Bollywood in US

Turner Classic is celebrating Indian cinema with a 12-film festival dedicated to Bollywood.

india Updated: May 12, 2003 20:00 IST

Slowly but surely, Bollywood is making its entry into the American homes in a big way. Starting this summer, Turner Classic Movies is celebrating the world of Indian cinema with a 12-film festival dedicated to Bollywood every Thursday from June 5.

For the mainstream Indian cinema, that has come a long way to win such an international acclaim, this indeed is celebration time.

The month long film festival, which is being co-hosted by a reputed Indian born filmmaker Ismail Merchant, will focus on the commercial film industry that has produced most-viewed films in the world ever since its inception in 1930s.

The films in TCM's festival, rarely available to American audiences, represent the grandest and most colourful Bollywood films that range from tragic melodramas like Raj Kapoor's Aawara, Guru Dutt's Pyaasa, Balraj Sahni's Do Bigha Zameen, Nargi's Mother India to romantic hits like Dilwale Dulhania Le Jayenge, Rangeela, Junglee and Sholay.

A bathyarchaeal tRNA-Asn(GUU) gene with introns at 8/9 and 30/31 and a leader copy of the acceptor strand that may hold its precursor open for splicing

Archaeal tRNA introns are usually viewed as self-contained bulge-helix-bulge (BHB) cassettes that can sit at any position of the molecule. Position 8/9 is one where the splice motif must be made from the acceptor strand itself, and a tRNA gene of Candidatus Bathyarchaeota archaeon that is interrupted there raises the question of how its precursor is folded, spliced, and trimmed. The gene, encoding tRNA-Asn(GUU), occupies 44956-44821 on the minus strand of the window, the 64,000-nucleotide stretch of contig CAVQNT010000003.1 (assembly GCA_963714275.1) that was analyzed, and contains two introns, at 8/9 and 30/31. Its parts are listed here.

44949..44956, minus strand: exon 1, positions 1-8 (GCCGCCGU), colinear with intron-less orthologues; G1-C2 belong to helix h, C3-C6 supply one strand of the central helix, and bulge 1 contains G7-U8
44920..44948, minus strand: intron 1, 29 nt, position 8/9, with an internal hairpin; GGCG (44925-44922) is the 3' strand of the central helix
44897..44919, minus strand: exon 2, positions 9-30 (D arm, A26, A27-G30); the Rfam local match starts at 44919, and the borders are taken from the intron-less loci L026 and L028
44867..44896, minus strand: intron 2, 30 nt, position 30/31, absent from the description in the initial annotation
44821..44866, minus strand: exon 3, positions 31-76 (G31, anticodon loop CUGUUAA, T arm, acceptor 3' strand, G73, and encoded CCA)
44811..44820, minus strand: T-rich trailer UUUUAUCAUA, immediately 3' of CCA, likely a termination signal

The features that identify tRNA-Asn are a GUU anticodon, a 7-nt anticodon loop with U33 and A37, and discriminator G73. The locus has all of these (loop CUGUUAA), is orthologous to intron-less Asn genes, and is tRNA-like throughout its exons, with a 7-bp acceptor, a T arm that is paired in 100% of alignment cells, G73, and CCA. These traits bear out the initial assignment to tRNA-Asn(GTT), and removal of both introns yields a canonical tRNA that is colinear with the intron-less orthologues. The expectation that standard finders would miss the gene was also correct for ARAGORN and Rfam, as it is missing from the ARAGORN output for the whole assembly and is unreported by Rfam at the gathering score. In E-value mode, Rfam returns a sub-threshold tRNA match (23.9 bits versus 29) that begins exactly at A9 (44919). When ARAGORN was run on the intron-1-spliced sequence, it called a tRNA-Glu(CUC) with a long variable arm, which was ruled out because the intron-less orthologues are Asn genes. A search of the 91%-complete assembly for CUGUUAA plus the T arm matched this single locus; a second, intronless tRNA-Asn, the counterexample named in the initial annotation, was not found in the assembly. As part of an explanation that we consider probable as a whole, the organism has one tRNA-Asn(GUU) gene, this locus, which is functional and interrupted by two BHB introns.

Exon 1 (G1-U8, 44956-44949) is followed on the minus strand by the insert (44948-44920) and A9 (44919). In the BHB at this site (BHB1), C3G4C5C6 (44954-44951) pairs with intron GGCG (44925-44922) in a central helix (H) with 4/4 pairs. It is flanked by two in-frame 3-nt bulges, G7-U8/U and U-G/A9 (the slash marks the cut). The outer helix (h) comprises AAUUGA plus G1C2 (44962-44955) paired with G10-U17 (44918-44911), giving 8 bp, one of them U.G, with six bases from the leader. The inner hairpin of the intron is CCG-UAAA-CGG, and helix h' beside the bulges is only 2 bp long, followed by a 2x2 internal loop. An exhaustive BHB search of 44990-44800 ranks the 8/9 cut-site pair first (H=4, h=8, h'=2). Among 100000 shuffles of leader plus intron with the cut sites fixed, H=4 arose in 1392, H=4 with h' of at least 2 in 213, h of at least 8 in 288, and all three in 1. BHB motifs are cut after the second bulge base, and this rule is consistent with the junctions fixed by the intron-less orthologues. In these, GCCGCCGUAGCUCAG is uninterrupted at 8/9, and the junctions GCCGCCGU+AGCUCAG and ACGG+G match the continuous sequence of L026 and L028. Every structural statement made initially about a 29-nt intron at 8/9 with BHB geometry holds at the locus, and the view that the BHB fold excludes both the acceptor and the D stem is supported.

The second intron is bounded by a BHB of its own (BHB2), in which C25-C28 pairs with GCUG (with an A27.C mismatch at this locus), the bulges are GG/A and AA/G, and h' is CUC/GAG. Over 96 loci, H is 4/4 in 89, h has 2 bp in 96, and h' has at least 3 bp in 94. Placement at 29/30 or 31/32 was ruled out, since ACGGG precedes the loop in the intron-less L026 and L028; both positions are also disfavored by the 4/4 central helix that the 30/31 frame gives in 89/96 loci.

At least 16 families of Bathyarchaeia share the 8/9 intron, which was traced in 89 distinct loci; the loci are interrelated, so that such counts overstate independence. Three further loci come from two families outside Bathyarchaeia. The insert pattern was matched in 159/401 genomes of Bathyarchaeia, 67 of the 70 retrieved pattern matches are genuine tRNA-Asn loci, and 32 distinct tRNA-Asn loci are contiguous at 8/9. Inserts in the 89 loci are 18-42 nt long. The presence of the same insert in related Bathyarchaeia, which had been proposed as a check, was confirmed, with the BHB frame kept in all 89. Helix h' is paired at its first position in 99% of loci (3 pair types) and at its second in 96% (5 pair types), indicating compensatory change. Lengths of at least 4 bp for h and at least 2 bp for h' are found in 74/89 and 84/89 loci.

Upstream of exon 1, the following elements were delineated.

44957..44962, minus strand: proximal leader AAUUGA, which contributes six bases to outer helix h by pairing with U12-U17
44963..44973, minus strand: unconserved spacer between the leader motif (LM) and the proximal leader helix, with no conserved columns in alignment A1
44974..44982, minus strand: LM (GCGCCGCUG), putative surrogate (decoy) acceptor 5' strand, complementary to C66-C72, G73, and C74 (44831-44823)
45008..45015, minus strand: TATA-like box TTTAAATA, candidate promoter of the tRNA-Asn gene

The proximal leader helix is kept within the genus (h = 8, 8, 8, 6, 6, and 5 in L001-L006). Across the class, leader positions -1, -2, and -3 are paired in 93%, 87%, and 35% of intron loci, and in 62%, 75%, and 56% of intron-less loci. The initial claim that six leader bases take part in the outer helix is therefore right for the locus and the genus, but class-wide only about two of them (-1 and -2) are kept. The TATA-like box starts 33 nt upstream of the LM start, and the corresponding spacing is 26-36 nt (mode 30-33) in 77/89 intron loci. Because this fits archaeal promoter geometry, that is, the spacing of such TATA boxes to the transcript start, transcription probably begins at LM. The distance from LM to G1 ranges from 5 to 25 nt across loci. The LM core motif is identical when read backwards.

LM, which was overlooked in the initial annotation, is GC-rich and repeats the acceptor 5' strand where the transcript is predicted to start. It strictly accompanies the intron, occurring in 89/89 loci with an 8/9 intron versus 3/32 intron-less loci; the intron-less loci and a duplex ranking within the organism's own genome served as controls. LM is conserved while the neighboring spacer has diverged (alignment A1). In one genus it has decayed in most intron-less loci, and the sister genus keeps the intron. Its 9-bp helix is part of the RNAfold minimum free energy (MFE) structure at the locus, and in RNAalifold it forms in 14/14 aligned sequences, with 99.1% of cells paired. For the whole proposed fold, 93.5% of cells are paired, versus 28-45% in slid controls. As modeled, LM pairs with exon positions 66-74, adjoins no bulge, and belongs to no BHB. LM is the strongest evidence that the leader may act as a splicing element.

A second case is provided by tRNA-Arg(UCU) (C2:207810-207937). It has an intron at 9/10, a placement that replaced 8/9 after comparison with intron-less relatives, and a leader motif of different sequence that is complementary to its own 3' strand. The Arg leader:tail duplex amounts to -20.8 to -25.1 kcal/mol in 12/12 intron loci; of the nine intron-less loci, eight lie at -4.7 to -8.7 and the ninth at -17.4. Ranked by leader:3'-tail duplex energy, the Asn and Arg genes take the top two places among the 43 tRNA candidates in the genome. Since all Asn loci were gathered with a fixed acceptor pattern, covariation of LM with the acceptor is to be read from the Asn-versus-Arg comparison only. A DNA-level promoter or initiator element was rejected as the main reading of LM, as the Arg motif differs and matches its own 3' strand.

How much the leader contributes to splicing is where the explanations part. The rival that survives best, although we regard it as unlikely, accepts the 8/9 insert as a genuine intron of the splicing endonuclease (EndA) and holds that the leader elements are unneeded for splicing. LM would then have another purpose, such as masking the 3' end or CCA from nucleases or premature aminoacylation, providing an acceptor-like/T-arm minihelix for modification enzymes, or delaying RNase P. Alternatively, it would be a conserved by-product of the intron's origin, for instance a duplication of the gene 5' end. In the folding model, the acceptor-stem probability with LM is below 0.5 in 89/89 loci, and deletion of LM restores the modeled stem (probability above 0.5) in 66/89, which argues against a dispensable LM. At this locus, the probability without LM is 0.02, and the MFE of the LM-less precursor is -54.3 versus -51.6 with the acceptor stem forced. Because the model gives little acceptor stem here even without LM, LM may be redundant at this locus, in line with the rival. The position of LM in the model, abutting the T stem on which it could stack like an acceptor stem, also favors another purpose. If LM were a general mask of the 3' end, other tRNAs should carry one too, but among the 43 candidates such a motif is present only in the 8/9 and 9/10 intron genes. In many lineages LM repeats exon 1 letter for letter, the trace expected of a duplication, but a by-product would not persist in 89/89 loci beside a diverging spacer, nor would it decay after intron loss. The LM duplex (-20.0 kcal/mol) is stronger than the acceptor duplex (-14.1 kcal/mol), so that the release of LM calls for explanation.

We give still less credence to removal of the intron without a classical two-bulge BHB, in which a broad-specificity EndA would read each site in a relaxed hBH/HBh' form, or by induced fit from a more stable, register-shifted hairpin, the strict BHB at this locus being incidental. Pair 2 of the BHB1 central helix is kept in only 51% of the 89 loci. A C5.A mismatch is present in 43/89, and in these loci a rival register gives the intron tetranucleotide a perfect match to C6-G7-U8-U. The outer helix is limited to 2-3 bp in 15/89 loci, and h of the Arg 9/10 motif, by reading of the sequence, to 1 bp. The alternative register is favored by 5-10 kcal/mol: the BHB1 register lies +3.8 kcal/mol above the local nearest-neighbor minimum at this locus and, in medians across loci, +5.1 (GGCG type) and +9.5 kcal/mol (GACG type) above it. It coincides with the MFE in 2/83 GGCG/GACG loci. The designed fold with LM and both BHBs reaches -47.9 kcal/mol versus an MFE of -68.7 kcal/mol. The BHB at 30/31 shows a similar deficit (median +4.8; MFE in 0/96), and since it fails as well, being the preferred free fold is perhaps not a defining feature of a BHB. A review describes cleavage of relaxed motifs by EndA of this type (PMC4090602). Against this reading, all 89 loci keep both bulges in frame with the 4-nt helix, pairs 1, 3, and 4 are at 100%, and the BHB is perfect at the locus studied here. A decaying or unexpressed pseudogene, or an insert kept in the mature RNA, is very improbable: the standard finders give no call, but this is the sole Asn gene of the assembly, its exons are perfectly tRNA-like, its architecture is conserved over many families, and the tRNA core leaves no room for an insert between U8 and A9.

All the movies chosen aptly, are unique in their own ways and depict versatile approach to filmmaking, use of colour and elaborate choreography for which the Indian Cinema is well known.

The festival covers films from the early 1950s through the beginning of the 21st century. "Bollywood has added a new dimension to entertainment audiences all over the world. It is full of energy and charge, and the TCM move to show these selected films is a great opportunity for viewers to tune into Bollywood," says Ismail Merchant, producer/director and partner, Merchant-Ivory Productions. Apparently Turner Classic Movies network is a seemingly strange home for Indian musical melodramas. However, the network is trying to gain new viewers by switching over to ethnic programming.

"As a film fan, I guess I had heard a lot about Bollywood, about the clich's, about the music and the dancing and the prolific nature of the film industry in India, but I had never actually seen a Bollywood film," says Charlie Tabesh, SVP of programming for TCM, in an interview to CableWorld.

"I was curious. I thought other people would be curious", he added.

First Published: May 12, 2003 00:00 IST